Monday, March 17, 2008

Question from Notes on Craft

After the post "Notes on Craft: Plot-driven vs. Character-driven" Paralith asks:

What would you call a story that more or less rests on a certain environment? For example I read this sci fi last weekend which had fairly cliche characters and plot, but was based in the crazy universe where gravity is a billion times stronger than it is here and the people basically live in a cloud of air in space that's attracted to a black hole.

I'm just curious if you have a term for that.


But if we're thinking of sticking to the naming construct that's already been established I'd call it "idea-driven."

As a means of producing writing the style of idea-driven writing turns out more bad stories than any other method. People who start off saying "I'm going to write a book about loneliness, or love, or fear, or the depravity of the human spirit rarely ever end up with an interesting story. And that would be because a story is, first and foremost a story. It is a series of events (or just one event) involving people.


Nowhere in that equation is there room for an abstract idea.

But what about all those abstract ideas that you learned in high school English? What about all those times when people say things like "it's really a novel about loneliness"?

Those are concepts applied to the book after it's been written by English teachers and critics. Well-meaning English teachers and critics, but not the writer.

There was a great article in The Writer magazine that also appeared in part on the Glimmer Train website a few months ago addressed to young writers, particularly the naive MFA candidate about precisely this. The writer said he'd been teaching in college programs for two decades and the most common blunders students made, no matter how wonderful their prose, was that they would write stories about observation that could easily be titled something like "Things I Saw While Driving in My Car" or they set off to write about abstracted ideas. They wanted to write about war, or patriotism, or the suffering of the [insert group here] instead of telling a story.

The idea-driven story usually becomes boring because nothing happens in it, the characters become 2-dimensional because they're secondary to the idea. The writer often tries to keep the characters 2-dimensional because if they're too life-like they might steal the show instead of bending to the will of his idea. At worst, the story becomes preachy.

I frequently bitch about the writing of an ex-bf of mine, but he's given me such great examples of what not to do that I cannot but help use his sorry butt to illustrate my points! This ex-bf told me he was writing a novel.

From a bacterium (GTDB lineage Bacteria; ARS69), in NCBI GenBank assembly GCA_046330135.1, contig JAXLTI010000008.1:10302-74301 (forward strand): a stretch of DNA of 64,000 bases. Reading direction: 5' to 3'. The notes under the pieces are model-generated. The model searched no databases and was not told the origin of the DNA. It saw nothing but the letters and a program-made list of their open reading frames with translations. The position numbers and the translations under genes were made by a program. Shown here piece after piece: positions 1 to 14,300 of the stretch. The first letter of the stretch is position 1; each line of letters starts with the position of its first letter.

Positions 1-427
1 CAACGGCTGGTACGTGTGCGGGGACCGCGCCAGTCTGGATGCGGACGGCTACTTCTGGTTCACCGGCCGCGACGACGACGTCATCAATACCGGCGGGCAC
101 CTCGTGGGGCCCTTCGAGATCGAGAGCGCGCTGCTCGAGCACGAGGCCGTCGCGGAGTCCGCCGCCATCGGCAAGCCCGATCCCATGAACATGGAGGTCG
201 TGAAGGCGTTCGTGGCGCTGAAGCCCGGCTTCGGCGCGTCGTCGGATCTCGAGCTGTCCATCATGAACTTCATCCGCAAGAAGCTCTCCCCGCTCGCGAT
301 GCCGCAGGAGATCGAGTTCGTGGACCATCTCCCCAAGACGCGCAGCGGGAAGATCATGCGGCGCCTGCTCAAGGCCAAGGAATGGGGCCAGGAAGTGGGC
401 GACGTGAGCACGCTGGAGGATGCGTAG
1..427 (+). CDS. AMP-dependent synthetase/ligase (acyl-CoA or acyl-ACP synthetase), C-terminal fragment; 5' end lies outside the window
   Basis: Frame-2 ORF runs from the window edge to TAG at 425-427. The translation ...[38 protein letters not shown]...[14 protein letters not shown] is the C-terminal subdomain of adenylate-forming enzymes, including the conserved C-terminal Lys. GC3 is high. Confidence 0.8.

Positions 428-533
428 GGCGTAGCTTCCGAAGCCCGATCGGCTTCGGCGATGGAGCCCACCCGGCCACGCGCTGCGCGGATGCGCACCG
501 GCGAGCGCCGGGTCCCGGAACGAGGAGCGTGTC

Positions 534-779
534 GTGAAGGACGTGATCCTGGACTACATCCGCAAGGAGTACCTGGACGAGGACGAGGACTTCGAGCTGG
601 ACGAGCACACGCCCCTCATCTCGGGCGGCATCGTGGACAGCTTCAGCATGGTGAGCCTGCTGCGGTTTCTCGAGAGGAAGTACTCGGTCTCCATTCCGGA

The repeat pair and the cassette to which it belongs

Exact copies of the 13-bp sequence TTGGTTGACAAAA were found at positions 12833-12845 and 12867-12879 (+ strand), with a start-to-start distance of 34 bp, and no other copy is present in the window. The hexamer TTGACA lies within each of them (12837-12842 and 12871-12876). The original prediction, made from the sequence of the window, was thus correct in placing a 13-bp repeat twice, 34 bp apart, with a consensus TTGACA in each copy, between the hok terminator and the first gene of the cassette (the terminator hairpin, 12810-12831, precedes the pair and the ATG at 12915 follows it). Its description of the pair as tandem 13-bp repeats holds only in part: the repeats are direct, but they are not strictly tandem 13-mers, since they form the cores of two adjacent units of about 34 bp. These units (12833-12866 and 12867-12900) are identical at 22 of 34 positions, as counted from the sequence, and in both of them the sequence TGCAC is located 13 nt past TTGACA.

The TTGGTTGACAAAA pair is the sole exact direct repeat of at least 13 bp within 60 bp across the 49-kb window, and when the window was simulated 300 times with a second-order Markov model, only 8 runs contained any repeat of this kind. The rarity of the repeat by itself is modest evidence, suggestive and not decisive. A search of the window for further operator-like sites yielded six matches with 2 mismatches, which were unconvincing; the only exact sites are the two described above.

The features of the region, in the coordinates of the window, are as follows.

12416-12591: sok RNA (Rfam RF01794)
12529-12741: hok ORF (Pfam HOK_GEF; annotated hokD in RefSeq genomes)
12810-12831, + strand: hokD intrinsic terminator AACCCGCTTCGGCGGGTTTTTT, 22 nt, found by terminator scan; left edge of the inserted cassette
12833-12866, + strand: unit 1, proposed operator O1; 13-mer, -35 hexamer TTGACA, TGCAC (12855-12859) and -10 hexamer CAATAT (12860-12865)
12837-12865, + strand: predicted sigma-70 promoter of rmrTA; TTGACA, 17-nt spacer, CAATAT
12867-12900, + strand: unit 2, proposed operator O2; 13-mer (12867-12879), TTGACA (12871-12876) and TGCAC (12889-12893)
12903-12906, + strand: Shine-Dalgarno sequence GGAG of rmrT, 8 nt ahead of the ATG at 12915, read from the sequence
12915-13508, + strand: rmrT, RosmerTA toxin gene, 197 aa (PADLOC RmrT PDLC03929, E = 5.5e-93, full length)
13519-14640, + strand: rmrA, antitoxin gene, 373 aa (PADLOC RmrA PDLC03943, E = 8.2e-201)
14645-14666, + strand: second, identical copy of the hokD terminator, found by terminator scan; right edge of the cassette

Really? What about?
Oh. But what's it about?
But what happens? Who are the characters?
It's this guy and he makes these realizations about life.
...And that was all he'd tell me.
You can't set out to make someone realize they believe in an existential view of their life. Just like a therapist doesn't sit you down to make you realize you have mommy issues. You sit with the therapist and you talk. You tell her about what you're doing now, how you feel about that, you tell her about the past and perhaps through all these things strung together you realize you have been letting people cow you your entire life and it had nothing to do with your mother. The ex didn't know anything about his character except that he was going to inflict a philosophy on him and call it a novel.

Some of you may be shaking your head at me, and thinking that I'm demeaning the greatness of the novel into some busker's trade, but the truth is that when you approach life starting with abstract ideas it's called philosophy. If you read Plato's Cave it's essentially a yarn that Plato spins out in the name of describing how he sees the world. As an idea it holds together; as a story, it's underwhelming.

Not to hate on English teachers -- they were some of my favorite teachers all through school -- but I have a friend from college who is now teaching high school English and I think it might have gone to her brain, kinda like working at a glue factory.

She told me she wanted to write this short story but needed help with the middle. She had a smash bang finish all geared up that would fulfill a second layer of meaning but she was struggling to incorporate all four layers of allegory into it.

WOAH! Back up the soul train!

You cannot consciously write the four layers of allegory. I don't even remember what all of them are! It just sort of happens. You make the story, you go back. You read for continuity and for clumsy language. Then you read again for metaphor. Are there too many? Can I strengthen one to make it repeat and become a theme? Then you read it again and if it strums inside of you, if you strike it and it vibrates in a pleasant way like a well tuned guitar then it's done. The other two layers of allegory can be constructed by English teachers later on, for now, I've done my job by making it strum.

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